Memorial plaque in McConville Park

By Liz Schevtchuk Armstrong

With long “moments” of silence as the St. Mary’s church bell tolled softly in the distance, striking once for each victim of terrorism on Sept. 11, 2001, over 100 residents of all ages gathered in Cold Spring Sunday morning to mark the 10th anniversary of the attack. They gathered around the 9/11 memorial in McConville Park, which includes a hunk of twisted metal from the World Trade Center ruins. The event included no real speeches, despite the presence of elected officials, but featured brief recognition of the various groups slain ““ passengers on the planes turned into bombs on 9/11, military personnel at the Pentagon, police and firefighters who responded at what became Ground Zero, among others ““ placement of a wreath by the Cold Spring Fire Company, and the melancholy tune of a single flute. Philipstown residents of all ages, from tiny children to aged Armed Forces veterans, turned out,  accompanied by  the mayor, county sheriff and county executive, members of town and village boards, county legislator, state assemblywoman, state senator, and others, in a somber, low-key,  bipartisan commemoration.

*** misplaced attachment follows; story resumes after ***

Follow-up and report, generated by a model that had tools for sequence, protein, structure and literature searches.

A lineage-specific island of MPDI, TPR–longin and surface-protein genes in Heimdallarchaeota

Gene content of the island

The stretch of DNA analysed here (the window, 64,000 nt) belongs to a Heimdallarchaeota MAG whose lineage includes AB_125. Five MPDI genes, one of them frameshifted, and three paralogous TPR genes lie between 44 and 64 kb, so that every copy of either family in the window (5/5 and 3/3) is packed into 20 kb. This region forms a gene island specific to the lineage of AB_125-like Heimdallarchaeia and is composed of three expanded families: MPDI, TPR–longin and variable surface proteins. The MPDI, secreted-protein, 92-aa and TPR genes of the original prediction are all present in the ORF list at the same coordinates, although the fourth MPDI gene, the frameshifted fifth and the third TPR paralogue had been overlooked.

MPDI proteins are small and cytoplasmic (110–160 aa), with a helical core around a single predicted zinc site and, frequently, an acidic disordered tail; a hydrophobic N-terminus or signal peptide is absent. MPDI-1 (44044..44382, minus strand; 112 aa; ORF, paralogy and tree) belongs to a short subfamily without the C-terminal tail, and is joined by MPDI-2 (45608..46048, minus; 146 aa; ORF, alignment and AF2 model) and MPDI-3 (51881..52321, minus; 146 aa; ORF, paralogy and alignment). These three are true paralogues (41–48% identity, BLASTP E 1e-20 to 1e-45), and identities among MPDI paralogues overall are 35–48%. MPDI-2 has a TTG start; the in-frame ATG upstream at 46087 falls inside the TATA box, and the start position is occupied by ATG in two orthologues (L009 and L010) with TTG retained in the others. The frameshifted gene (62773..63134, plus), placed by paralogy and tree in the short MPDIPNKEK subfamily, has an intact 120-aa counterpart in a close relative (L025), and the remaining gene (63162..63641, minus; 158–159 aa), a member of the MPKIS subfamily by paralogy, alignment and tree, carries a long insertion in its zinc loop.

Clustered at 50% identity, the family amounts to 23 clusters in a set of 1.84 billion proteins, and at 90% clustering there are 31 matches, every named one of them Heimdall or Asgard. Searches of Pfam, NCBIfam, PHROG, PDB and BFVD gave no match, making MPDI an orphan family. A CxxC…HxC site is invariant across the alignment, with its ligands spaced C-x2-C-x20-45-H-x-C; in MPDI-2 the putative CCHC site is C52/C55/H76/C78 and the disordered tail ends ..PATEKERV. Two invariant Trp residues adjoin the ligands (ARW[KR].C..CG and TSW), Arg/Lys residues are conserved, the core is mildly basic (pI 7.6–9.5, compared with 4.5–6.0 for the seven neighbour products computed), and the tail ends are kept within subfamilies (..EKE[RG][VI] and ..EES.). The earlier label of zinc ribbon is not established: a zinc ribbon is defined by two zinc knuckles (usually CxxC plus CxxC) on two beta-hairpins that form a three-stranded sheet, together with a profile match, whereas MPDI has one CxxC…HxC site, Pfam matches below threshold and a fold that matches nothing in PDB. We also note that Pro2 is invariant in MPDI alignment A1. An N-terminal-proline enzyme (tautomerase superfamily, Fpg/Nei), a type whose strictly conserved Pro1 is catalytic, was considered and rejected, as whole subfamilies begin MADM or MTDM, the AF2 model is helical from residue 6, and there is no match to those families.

Photos by L.S. Armstrong






Behind The Story

Type: News

News: Based on facts, either observed and verified directly by the reporter, or reported and verified from knowledgeable sources.

Armstrong was the founding news editor of The Current (then known as in 2010 and later a senior correspondent and contributing editor for the paper. She worked earlier in Washington as a White House correspondent and national affairs reporter and assistant news editor for daily international news services. Location: Cold Spring. Languages: English. Areas of expertise: Politics and government